Command query separation

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Command-Query separation (CQS) states that every method should either be a command that performs an action, or a query that returns data to the caller, but not both. Methods that return a value should be referentially transparent, and posses no side effects.

A trivial example of this is getters and setters: Setters are commands that perform actions (setting a value), and getters are queries that return information about the state of the program. Getters do not change the state, and setters do not return a value.

CQS can be used quite well with a design by contract approach to programming. In design by contract, assertions on the state of the program are considered as annotations, rather than programming logic. This means that querying the state (eg assertions) should not effect the program in anyway. When using CQS, any assertion can call a "Query" method, without having to worry about modifying the system's state.

CQS can simplify the development of a program, as programmers will always know that a method that returns a value has no side effects. Programmers are free to query the state of the system at any point without concern.

CQS suits the object-oriented approach to programming, but is not limited to it; it can be implemented in a procedural language with similar effects.


Observable vs Unobservable State

An issue when considering CQS is that of what object state is 'observable'. Take for instance a class that caches particular data the first time it is requested:

 class DataSet {
   private Double values[];
   private Double mean;
   public int getMean() {
     if(mean == null) {
       mean = calculateMean();
     return mean;

This class has a getter method getMean, which calculates the mean on the first call. Does this break CQS? The query modifies the objects internal state by setting the field mean, but this field is not visible to other classes, and will not affect further queries to the same object.

Arguably, a Query method should be allowed to alter an object's internal state, so long as it does not affect the state visible to clients of the class (observable state). Actually determining which state is observable could be quite difficult in more complicated examples.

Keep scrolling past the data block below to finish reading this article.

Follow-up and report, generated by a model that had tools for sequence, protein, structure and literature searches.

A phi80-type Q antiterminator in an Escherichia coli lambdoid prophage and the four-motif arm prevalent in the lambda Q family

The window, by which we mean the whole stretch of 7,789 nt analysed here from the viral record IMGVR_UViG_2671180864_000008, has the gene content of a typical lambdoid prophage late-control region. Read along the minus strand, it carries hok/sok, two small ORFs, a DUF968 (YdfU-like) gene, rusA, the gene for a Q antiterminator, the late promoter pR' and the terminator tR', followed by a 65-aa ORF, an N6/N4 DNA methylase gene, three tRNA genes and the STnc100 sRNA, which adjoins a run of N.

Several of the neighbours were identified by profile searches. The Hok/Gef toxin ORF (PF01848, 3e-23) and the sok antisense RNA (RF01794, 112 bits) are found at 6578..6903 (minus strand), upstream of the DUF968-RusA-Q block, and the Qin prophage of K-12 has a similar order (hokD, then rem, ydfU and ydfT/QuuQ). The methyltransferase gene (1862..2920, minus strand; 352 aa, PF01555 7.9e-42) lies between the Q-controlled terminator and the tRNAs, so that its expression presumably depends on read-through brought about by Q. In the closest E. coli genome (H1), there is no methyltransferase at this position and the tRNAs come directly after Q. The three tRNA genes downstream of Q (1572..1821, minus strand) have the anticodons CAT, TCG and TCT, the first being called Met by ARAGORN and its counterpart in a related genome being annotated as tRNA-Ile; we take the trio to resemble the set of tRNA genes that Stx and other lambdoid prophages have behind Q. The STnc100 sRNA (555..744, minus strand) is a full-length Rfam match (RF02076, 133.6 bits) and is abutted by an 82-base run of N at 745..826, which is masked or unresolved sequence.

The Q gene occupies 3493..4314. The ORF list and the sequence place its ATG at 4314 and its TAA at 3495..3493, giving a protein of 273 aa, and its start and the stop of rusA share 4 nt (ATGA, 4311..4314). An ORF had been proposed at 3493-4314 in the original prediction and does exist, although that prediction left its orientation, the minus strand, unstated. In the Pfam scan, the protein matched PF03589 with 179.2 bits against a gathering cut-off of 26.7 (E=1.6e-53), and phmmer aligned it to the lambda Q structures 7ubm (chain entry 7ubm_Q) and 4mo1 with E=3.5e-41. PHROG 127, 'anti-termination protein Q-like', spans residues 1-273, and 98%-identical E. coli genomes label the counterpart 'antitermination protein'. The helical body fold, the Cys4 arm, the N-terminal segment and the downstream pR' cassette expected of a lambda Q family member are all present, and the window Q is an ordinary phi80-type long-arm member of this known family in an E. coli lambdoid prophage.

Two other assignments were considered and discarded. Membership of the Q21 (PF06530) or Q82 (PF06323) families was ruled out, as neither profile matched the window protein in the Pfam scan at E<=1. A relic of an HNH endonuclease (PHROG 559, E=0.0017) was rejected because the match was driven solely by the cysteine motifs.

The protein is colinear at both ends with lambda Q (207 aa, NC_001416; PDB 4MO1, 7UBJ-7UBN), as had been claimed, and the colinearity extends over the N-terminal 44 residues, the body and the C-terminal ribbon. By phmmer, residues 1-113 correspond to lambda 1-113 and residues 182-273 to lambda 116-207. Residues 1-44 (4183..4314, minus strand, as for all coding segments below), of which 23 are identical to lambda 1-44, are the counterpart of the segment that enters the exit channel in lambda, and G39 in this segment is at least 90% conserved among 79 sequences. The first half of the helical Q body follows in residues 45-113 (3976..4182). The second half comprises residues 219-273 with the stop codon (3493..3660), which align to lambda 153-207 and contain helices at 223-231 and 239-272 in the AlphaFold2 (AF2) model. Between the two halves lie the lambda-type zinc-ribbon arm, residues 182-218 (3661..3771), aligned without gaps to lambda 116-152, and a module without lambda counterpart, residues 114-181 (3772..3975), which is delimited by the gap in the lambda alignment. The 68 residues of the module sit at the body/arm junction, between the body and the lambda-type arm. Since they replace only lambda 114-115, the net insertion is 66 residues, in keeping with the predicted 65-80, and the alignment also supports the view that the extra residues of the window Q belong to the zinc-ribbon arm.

This issue is discussed in detail by Martin Fowler : [1].


A simple example of a pattern that breaks CQS:

private int x;

public int value() {
  x = x + 1;
  return x;

Obeying CQS:

private int x;

public int value() {
  return x;

public void increment_x() {
  x = x + 1;

CQS broken in Java:

The Java Iterator class breaks CQS. The next() method is both a command and a query. It is a command because it moves the pointer to the next element; it is a query because it returns the element from the collection. The Java developers probably did this because they felt that every time you get an element, you will also want to update the pointer, so they thought it would save one call if next() did both functions. It can be argued that this is going too far in trying to make it simple, and results in an unclean design.

A solution would be to break next() into two calls: current(), that returns the current element, and increment() which moves the pointer to the next element.

Java implementation of Iterator: (breaks CQS)


Possible redesign: (obeys CQS)



This rule can be automated, to an extent. The general idea is to detect query methods, and in each one (and in any methods they call) find any assignments to fields. If there are any, then the query is modifying software state, and we're breaking CQS. However, there are several problems with this approach.

Firstly, how can we detect what is supposed to be a query? We can use a heuristic, such as any method that returns a value, or perhaps any method which has a name starting with 'get' or 'is'. The latter won't return false positives (all getters should be queries), but will return false negatives (for example the top() method of a stack is probably an undetected query).

Secondly, how can we tell what is observable state (see above)? If we walk the method bodies, and find an assignment to a field, it is difficult (impossible?) to tell whether this affects observable state. Even if the field is private, it might be accessible through a getter. Or, perhaps it is passed later to a visitor as a parameter using Double dispatch.

Refactor it

Separate Query from Modifier

See also

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